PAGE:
Hearts job not a poisoned chalice, says John Robertson
Former Hearts manager John Robertson insists being at the Tynecastle helm is not a poisoned chalice as the Edinburgh club begin the search for a new boss.
Paulo Sergio left the club after rejecting a new contract, the ninth man to leave the manager's job under current owner Vladimir Romanov.
"They'll look for another route again," Robertson told BBC Scotland.
"The opportunity's there for the younger lads but they'll still need to retain a lot of the senior players."
Robertson believes budget cuts meant it was "always going to be difficult" to keep Sergio in post.
"This is a significant move from Hearts that they're cutting back," he said.
"It's disappointing because I'm sure everybody at the club would've loved to have seen Paulo Sergio build on last season's Scottish Cup win.
"I think he was on a substantial contract at [former club] Sporting Lisbon and Hearts were paying some of that and Sporting Lisbon will still paying a huge amount of his wages until the end of the season.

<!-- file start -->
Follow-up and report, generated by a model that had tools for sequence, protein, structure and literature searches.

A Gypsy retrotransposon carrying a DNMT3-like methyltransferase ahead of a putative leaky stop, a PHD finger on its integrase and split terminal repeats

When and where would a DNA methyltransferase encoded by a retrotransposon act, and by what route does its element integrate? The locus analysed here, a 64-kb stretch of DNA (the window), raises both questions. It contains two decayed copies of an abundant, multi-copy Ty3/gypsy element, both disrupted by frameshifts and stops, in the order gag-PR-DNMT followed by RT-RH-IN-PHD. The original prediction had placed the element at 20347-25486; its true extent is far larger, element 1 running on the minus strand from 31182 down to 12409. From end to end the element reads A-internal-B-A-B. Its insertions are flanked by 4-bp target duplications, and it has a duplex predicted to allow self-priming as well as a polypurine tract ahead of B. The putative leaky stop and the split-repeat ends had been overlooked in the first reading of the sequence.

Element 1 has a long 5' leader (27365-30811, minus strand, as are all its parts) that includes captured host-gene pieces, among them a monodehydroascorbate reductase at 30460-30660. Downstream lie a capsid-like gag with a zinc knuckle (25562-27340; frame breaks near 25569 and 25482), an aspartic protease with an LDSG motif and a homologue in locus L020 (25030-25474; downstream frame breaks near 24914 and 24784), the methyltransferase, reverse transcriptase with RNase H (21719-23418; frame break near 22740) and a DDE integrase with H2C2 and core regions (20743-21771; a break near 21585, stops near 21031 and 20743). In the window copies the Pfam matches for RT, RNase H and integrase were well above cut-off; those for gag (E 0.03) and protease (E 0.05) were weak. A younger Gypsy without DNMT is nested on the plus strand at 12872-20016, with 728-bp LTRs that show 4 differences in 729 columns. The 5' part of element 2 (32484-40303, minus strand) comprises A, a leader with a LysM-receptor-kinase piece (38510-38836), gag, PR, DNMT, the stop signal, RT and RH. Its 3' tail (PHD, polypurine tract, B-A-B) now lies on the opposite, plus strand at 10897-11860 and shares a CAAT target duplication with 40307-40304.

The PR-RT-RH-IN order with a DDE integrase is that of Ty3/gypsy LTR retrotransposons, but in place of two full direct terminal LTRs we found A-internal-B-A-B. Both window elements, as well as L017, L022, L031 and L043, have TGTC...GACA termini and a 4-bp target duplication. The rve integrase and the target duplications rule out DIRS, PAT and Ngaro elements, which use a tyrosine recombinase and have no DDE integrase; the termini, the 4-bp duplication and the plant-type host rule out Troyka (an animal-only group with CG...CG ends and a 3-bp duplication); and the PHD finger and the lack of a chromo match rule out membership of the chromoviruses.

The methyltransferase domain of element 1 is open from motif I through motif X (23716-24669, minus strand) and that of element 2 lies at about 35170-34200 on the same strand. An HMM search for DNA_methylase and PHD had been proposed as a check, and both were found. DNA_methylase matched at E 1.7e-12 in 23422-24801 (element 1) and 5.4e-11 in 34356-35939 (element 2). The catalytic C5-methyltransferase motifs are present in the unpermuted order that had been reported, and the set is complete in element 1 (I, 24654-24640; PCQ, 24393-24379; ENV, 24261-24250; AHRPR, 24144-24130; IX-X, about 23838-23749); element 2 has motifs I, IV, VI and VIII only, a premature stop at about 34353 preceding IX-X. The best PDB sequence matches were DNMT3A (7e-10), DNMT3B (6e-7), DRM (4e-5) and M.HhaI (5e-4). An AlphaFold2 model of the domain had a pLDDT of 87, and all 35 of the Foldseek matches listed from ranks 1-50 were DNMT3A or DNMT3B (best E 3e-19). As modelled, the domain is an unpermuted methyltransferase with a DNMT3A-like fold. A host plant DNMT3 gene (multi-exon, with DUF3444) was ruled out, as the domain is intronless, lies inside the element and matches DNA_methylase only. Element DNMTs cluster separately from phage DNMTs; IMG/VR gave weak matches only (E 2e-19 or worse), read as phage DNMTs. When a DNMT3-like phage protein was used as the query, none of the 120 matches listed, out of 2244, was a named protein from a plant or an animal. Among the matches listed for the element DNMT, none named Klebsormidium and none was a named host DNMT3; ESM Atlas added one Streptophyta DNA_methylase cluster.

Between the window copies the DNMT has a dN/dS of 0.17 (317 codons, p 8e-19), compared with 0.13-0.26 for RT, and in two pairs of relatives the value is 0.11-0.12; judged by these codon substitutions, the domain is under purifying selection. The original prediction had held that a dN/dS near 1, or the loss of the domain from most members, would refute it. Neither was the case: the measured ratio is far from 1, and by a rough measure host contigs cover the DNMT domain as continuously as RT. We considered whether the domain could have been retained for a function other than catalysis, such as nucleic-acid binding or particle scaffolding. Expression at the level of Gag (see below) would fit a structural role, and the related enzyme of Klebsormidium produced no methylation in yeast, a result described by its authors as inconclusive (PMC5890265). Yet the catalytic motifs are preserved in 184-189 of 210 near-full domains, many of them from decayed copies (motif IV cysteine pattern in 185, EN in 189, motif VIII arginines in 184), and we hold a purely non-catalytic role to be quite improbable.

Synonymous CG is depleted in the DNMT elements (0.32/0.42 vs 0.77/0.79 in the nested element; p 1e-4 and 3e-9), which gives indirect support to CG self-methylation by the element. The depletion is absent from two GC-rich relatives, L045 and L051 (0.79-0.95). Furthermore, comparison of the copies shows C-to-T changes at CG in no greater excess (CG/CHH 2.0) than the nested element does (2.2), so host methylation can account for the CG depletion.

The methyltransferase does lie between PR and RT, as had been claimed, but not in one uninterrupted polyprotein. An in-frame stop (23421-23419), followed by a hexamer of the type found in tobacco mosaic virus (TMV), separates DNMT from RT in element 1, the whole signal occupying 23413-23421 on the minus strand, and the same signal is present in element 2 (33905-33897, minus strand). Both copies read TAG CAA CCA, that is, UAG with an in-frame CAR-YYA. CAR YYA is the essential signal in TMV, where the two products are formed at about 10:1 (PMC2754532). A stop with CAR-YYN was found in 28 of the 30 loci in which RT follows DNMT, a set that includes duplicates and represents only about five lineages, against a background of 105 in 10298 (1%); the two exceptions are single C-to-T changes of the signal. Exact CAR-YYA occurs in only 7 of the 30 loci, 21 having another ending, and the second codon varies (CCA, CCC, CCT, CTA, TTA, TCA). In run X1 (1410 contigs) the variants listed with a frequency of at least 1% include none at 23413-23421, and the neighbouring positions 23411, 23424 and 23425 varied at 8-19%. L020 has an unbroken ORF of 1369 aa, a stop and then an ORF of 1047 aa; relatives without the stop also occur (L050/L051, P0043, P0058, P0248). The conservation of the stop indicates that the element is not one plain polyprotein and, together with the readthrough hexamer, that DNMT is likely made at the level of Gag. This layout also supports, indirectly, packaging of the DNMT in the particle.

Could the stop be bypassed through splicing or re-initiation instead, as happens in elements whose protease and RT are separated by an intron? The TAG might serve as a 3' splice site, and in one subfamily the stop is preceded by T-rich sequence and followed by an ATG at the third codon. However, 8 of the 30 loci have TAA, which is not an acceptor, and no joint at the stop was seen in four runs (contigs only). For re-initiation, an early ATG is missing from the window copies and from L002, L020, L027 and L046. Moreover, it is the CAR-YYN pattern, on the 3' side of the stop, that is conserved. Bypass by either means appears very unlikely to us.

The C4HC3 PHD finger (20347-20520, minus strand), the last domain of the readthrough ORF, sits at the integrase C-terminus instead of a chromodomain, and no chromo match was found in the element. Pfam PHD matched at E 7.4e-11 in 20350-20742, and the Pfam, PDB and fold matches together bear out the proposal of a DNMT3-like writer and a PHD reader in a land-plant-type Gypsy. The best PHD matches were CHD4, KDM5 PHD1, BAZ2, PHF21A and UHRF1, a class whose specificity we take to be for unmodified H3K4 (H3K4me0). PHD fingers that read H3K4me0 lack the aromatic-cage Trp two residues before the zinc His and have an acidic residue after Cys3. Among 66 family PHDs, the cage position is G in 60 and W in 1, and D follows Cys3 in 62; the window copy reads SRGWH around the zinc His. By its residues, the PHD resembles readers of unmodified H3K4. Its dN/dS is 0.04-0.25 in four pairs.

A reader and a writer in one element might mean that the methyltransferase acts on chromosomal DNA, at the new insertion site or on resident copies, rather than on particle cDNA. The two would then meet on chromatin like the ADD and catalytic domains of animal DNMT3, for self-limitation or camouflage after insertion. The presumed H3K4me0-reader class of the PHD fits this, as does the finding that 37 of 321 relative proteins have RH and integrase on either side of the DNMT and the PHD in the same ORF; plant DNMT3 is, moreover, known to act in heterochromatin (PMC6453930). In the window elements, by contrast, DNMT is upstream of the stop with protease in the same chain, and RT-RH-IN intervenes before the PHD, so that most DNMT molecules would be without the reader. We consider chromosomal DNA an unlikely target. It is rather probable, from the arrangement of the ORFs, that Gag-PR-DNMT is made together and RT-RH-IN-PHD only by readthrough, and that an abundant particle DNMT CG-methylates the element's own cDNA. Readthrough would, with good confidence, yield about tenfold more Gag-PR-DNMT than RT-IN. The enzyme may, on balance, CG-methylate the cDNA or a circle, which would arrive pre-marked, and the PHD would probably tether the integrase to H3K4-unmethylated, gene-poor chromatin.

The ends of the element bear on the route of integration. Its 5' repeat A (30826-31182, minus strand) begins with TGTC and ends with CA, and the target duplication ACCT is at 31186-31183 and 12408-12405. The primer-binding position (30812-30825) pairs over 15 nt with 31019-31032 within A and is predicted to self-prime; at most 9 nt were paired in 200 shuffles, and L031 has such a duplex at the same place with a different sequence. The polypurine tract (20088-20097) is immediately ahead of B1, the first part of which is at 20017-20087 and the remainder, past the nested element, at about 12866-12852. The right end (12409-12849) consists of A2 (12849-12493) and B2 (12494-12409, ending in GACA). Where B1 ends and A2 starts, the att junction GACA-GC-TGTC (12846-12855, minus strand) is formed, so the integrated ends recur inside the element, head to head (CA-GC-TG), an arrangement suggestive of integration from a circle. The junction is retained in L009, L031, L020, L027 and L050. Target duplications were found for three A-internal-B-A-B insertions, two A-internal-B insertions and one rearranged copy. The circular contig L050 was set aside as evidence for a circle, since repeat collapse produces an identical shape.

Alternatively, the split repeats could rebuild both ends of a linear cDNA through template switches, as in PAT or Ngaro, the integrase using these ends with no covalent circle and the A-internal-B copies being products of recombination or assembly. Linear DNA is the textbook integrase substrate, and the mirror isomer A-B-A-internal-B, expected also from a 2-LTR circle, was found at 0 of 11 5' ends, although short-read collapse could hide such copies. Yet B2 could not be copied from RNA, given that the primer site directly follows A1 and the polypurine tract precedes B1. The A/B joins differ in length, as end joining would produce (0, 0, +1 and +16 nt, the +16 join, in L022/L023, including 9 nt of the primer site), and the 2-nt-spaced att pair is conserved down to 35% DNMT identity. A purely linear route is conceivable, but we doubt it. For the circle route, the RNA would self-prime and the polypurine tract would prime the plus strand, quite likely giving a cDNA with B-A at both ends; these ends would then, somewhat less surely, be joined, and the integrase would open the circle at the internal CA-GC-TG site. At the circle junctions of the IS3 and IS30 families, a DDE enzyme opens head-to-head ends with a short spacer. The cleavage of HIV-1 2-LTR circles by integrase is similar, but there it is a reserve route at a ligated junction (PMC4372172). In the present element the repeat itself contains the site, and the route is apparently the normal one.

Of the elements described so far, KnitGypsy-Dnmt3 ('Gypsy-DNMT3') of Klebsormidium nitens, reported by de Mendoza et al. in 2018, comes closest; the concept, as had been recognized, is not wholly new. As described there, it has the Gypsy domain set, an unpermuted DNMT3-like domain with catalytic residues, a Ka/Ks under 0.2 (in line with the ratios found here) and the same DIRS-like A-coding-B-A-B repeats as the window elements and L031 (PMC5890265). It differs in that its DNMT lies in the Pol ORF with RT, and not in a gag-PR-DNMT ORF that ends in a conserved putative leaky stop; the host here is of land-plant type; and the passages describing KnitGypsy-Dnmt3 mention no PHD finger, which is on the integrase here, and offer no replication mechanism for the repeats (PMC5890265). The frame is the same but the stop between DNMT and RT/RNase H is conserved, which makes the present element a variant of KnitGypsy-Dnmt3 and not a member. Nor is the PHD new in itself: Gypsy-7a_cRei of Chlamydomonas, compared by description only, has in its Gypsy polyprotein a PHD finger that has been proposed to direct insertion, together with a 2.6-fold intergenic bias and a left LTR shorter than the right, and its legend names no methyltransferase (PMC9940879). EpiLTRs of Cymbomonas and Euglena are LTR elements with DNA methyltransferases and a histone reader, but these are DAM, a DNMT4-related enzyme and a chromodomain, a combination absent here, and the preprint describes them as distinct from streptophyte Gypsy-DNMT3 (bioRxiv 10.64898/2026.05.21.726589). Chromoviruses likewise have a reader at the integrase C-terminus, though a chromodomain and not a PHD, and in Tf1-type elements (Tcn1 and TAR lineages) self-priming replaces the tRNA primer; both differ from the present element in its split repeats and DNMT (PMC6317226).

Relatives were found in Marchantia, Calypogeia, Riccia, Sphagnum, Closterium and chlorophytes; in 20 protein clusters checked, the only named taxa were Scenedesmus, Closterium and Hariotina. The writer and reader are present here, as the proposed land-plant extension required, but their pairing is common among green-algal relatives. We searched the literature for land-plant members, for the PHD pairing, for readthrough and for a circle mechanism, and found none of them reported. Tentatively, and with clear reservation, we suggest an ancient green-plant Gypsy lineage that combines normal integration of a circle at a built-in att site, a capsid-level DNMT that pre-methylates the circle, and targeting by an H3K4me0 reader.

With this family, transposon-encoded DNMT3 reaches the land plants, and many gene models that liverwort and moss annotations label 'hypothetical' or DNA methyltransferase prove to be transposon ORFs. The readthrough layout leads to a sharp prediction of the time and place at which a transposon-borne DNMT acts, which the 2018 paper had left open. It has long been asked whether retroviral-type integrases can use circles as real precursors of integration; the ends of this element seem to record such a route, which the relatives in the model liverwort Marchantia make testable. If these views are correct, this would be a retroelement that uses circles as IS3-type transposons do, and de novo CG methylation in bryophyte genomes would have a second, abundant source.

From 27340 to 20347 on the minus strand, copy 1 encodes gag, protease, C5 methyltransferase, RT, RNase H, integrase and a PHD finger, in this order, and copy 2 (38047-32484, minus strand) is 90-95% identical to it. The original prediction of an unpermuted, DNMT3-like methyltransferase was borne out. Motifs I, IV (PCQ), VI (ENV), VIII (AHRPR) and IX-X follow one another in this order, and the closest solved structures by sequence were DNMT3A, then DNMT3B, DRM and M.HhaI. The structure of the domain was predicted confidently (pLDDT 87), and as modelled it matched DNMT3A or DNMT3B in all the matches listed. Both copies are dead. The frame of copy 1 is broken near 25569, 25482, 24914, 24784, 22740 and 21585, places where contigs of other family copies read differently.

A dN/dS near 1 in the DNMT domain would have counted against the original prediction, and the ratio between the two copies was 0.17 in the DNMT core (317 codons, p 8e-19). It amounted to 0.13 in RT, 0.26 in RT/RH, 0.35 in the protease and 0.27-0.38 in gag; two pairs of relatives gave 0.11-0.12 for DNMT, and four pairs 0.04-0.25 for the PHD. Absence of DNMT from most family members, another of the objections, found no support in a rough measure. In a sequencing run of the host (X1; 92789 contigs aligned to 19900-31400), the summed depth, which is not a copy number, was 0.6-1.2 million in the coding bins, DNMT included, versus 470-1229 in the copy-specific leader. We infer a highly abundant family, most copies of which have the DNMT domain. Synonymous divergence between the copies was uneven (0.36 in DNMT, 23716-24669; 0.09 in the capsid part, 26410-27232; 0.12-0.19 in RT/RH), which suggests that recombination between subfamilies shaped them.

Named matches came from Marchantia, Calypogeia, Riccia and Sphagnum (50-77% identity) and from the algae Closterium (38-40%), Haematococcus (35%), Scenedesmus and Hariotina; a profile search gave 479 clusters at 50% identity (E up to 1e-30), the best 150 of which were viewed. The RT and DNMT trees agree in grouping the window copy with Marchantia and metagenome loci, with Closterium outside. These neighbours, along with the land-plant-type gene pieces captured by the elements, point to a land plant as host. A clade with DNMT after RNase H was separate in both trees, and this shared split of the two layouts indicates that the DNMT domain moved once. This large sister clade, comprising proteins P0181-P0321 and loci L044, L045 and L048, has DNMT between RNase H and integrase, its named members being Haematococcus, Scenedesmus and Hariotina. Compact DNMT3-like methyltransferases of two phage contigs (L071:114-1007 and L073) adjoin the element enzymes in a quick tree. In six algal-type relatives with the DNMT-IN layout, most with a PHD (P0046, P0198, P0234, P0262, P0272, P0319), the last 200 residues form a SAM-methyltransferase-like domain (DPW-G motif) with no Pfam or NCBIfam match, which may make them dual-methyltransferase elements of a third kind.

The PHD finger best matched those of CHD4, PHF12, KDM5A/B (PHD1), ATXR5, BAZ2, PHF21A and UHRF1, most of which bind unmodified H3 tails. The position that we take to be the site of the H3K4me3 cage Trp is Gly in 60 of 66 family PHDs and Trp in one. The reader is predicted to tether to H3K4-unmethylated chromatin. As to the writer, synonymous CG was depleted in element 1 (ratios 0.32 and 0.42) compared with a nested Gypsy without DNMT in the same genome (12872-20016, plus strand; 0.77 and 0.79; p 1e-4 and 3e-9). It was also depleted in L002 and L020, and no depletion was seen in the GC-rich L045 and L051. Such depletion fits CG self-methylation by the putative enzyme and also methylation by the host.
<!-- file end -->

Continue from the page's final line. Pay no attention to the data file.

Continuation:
"We know there's going to be drastic budget cuts at Hearts and there's going to be a lot more young players but I'm sure they'd rather have had him at the helm.
"They have been living beyond their means in the last four or five years.
"They've decided that they can't do it anymore, that they have to be sustainable and live within their budgets."
Robertson was the first manager to leave after Romanov's takeover and several of his successors, including Sergio, have not always had full autonomy over first team matters.
"I don't think it's a poison chalice," added Robertson.
"There's always going to be a certain degree of advice given to each coach.
"We have a very British/Scottish way of looking at things whereas on the continent this is the norm; owners and directors have a huge influence on the team.
"In fact, in most countries the director of football's the man that actually signs the players and the coach is given the players to get on with the job.
"We've slowly got used to the fact that, at Tynecastle, there is a degree of advice given from certain areas and the managers tend to get on with it now."